Patient-reported non-adherence and immunosuppressant trough levels are associated with rejection after renal transplantation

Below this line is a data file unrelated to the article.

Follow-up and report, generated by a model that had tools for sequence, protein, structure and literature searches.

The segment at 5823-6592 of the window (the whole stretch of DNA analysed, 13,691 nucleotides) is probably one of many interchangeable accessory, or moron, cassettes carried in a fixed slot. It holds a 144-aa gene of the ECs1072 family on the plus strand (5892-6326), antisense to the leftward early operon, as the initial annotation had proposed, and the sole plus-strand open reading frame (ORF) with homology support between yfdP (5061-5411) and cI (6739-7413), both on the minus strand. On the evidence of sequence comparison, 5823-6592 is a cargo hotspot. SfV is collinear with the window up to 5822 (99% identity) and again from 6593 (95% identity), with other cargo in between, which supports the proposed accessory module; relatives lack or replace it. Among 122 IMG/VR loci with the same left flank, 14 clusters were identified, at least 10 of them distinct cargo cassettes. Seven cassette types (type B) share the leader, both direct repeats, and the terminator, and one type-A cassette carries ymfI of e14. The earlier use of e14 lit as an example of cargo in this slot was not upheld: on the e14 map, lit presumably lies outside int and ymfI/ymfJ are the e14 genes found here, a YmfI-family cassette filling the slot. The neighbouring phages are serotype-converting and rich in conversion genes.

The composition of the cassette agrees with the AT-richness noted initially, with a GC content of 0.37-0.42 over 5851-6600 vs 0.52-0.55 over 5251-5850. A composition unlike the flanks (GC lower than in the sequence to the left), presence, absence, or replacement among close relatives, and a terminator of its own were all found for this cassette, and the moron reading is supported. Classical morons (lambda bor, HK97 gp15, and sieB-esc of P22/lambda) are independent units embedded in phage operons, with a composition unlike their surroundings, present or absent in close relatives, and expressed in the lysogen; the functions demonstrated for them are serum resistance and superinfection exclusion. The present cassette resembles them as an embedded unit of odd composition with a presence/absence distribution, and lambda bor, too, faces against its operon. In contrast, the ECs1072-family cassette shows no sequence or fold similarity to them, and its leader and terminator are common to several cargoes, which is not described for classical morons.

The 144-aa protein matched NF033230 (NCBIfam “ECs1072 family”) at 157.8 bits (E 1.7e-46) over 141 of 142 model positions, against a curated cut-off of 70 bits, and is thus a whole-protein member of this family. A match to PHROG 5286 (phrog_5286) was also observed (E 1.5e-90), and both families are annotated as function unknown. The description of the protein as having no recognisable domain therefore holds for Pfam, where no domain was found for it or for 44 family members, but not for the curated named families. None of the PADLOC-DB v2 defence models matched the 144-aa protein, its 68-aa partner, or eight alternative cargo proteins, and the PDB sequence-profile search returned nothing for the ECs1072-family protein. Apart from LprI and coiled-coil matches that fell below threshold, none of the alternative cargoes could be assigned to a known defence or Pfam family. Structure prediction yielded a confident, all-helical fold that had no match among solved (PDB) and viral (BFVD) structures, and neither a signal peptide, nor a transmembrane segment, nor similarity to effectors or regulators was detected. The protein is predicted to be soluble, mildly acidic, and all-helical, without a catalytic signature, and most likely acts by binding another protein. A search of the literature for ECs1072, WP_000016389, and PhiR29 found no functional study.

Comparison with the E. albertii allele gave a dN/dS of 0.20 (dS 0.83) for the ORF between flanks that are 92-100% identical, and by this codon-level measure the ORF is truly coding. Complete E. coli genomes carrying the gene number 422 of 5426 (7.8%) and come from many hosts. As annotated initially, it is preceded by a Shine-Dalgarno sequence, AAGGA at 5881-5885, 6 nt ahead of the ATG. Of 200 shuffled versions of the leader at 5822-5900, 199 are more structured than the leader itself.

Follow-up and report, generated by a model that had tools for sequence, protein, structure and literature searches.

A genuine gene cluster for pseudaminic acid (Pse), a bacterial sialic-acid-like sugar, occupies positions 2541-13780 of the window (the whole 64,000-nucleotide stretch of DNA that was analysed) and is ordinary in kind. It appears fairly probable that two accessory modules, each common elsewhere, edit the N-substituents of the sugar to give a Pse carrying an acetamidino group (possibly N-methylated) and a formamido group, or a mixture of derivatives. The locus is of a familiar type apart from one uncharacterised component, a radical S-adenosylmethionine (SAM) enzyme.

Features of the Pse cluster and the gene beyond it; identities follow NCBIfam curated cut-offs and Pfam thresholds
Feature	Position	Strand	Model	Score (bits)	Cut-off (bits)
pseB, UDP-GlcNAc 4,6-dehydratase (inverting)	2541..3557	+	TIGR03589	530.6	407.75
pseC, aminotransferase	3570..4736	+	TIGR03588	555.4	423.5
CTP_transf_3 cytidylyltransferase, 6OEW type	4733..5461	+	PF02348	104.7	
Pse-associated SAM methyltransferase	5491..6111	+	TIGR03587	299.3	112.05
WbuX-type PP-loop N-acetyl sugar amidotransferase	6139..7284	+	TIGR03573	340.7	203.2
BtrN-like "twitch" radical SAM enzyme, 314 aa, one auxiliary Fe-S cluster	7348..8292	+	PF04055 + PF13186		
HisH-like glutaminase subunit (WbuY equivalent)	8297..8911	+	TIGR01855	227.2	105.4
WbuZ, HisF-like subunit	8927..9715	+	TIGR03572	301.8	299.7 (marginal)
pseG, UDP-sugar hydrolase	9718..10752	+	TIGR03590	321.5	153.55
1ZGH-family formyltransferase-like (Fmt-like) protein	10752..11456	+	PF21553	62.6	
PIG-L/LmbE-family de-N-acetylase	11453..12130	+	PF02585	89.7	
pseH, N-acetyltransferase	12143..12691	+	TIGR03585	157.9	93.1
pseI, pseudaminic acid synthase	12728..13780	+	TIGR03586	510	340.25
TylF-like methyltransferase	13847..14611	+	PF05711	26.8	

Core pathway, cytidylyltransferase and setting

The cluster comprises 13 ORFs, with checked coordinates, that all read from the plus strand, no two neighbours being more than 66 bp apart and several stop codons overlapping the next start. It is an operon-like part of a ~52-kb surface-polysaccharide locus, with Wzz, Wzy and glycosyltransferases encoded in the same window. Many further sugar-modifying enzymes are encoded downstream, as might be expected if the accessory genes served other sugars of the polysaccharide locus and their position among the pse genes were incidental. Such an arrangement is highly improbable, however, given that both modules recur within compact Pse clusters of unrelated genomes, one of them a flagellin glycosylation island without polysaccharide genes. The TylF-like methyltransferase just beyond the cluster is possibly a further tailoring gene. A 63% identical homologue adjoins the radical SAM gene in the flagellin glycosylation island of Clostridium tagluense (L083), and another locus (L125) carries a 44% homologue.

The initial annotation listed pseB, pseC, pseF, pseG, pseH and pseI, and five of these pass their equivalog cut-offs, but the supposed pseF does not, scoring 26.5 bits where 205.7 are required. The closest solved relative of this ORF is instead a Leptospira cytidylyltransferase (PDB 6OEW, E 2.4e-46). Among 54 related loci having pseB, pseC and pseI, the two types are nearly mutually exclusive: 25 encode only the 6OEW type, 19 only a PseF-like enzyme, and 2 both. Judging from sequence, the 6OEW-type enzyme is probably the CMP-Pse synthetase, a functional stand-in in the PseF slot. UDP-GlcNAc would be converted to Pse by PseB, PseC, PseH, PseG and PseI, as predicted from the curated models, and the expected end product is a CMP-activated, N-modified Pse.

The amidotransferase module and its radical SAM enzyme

Non-adherence to medical therapy after liver transplantation is confounded by different methods of measurement. (1) To compare the performance of three different methods of measuring non-adherence: (a) biochemical (standard deviation [SD] tacrolimus levels), (b) clinician report, (c) self-report. (2) To identify pre-transplant predictors of post-transplant non-adherence. (3) To evaluate whether SD tacrolimus is an accurate predictor of graft outcomes. In this retrospective cohort study, charts of adult recipients of a liver transplant 2003–2009 (sample A, n = 444) were reviewed to determine pre-transplant predictors of non-adherence and clinician report of non-adherence. SD tacrolimus levels were measured between 6 and 18 months post-transplant. A subset of sample A (n = 122) completed a survey on non-adherence. The three methods were compared using linear and logistic regression. Multivariable analysis was used to investigate pre-transplant predictors of non-adherence. In sample B (transplant recipients 1995–2003, n = 544) Cox regression was used to determine the relationship between SD immunosuppressant level and graft failure. Non-adherence was found in 22–62 % of subjects, with the highest rates indicated by self-report. Clinician report of non-adherence was associated with both self-report and SD tacrolimus. On multivariable analysis, unemployment at time of listing and chart evidence of pre-transplant non-adherence were significant predictors of higher SD of tacrolimus. History of substance abuse and pre-transplant chart evidence of non-adherence were also significant independent predictors of post-transplant chart evidence of non-adherence. Drug variability in the immediate post-transplant setting was independently associated with graft failure over time (hazard ratio 1.005 per unit increase in standard deviation, p = 0.04). Non-adherence among liver transplant recipients is a common problem associated with increased risk of graft failure. SD tacrolimus can be used to measure non-adherent behavior and perhaps target patients for behavioral interventions.